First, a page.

- Make independent play a daily priority and use that for rest if you prefer to do household chores or work during the afternoon rest.
- Don’t save all your work for the evenings after the kids are in bed, use that time to connect with your spouse or relax.
Daily Home System Routines
A large part of being a stay at home mom is creating and maintaining home systems. This means the cleaning, organizing, cooking, tidying, and overall maintenance of the home.
Hopefully you have a spouse who knows that helping isn’t doing you a favor. But still, if you’re home all day you likely want to be accomplishing some of these tasks in an efficient way.
First, create some daily routines revolving around home systems. Here are some quick and easy tidy routines.
The routines in our own home include:
- Emptying dishwasher in the morning.
- No child comes out of their room until it’s clean with bed made.
- Chores after breakfast if there are any to be done.
- Tidy up before nap time and quick sweep.
- An evening sweep after kids are in bed.
As for laundry, I go back and forth. Often my mother will take clothes home with her. Some weeks I’ll do 2 loads a day. Some weeks I’ll do 7 loads on one day.
I cannot decide what works for me, but I have accomplished victory in the laundry area because now – with 5 kids – I simply do not let it worry me. I just don’t.
This is the goal… to create and maintain routines that help run the house without running you into the ground.
Cards to help you get a good chore system.
Think Smart About Kid Schedules
I have 5 kids so… our schedule needs to serve everyone.
I don’t let the kids dictate the routine, I choose a routine I know will benefit us all and we go from there. I choose the wake time and, if they wake a tad early, they play quietly in their rooms until it’s normal wake time.
Independent play is at the same time for nearly everyone and this allows me to either spend one on one time with a child or nurse a baby without worrying about what the others will be doing when I’m sitting down.
➡️ Everyone snacks at the same time, eats lunch at the same time, naps at the same time, then goes to bed at the same time.
Staggered so we get individual time with each child, but still in the same window.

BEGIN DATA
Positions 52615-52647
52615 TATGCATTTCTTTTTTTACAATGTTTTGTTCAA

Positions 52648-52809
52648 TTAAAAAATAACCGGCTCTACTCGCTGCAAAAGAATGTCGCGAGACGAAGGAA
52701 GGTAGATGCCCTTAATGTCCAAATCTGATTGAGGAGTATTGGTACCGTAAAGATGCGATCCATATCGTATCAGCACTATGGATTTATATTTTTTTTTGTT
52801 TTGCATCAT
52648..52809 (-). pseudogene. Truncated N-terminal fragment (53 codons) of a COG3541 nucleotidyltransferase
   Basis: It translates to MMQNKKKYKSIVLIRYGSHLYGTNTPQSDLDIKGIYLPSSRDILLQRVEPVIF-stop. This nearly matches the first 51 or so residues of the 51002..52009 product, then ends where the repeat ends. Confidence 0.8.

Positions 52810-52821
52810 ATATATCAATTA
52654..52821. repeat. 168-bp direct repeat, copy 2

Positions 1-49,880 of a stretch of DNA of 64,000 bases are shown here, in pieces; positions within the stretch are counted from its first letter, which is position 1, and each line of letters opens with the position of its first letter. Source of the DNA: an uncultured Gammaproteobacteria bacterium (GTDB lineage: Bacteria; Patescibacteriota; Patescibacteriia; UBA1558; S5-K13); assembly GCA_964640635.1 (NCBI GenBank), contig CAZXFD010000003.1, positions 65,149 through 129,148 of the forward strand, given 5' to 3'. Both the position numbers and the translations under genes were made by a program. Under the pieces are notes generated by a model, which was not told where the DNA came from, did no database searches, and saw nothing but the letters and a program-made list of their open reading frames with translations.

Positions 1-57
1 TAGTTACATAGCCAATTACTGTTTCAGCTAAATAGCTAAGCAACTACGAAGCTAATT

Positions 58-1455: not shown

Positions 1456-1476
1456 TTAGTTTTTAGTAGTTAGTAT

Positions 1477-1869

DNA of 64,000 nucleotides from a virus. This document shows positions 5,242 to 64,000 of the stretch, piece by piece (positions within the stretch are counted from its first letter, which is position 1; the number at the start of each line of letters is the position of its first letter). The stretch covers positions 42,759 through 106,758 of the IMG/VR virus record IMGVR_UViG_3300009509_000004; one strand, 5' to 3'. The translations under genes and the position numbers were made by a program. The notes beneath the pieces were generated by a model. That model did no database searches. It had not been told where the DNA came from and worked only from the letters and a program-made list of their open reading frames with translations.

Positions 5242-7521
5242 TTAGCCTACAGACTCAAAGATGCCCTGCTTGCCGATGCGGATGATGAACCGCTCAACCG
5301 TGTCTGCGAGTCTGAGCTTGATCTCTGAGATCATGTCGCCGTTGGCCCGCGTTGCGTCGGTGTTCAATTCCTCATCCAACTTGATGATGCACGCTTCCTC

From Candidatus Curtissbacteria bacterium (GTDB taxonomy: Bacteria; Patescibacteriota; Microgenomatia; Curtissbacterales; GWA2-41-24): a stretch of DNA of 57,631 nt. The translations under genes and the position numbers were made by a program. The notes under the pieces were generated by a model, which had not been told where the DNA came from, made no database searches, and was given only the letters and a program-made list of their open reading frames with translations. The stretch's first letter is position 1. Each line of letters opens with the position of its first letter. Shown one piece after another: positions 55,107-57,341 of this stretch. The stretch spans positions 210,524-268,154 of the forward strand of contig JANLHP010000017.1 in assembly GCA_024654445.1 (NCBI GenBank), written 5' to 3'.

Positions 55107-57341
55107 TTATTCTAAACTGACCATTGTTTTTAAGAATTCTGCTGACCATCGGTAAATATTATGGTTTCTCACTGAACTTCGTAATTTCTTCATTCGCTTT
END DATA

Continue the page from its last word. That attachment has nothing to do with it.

Avoid the trap of letting each individual child create their own routine. Promoting independence is good. Giving your children control that you don’t need is good.
But the only way to have a harmonious home with multiple children is to have a routine that works for everyone, but first and foremost you since you’re the one manning the ship.
Routine cards you can hang up and help your toddler learn to follow their own routine.
Have Mini Routines Throughout The Day That Serve Everyone
The best routines are ones that end up on auto pilot. Even your toddlers can learn to keep their routine if you make it visual.
While mama is still in charge of keeping the flow of the day in order, having mini routines within the larger daily schedule helps children join in the fun.
These may be as simple as always clearing their plates when they eat. It may be picking up toys after playtime, or having a snack after cartoons.
By creating associations you do day in and day out, you decrease the amount of struggle your children have with transition.
Examples of Mini Routines Throughout The Day:
- Your morning routine before the children wake up.
- Breakfast routines. What to eat, where to eat it, what to do immediately after breakfast.
- Snack routines. Where to eat the snack, what happens immediately before and after it.
- Nap or rest time wind down routines.
- Post nap or rest time routines, this will likely include a snack.
- Dinner time routines. Who sets table, clears table, does dishes, etc.
- Bath then bedtime routines. Bath, book, bed, etc.
Being a stay at home mom is extremely gratifying. As a wise lady near me once said…
“It’s unpaid, but highly rewarding.”
Get Your Free Stay At Home Mom Schedule Printable
So let me just say…
If you’ve gotten this far then I know you’re a mama dedicated to having smooth, functioning, and fun days with your children.
If that’s the case, I’ve got some great news for you!
I’ve been helping moms with routines for years and, there’s one thing I know, it helps to have it written down and put where you can see it.
To that end, I’ve created a Stay at Home Mom Daily Routine Pack complete with printables for babies aged 6 weeks to 5 years, beautiful routine cards you can hang up to help your toddler follow the routine, as well as 101+ chore cards to help teach your little ones responsibility.
Get your Stay at Home Mom Daily Routine Pack here and start creating more peace and calm in your home today.
I’ve created a free email series just for you! If you struggle with creating an easy flowing routine or rhythm in your home… this is it. I’ve gathered all my easiest routine hacks into one free series and, best of all, you can get a big sneak peak into our book that has over 25+ routines for babies ages 6 weeks to 5 years. This series will help you:
- find a routine and rhythm for your child
- learn how to juggle multiple routines (for 2 or 3+ kids)
- know what is and isn’t working so you can make one tweak that’ll change your day
Click here to sign up for my free email series or simply click on the image below.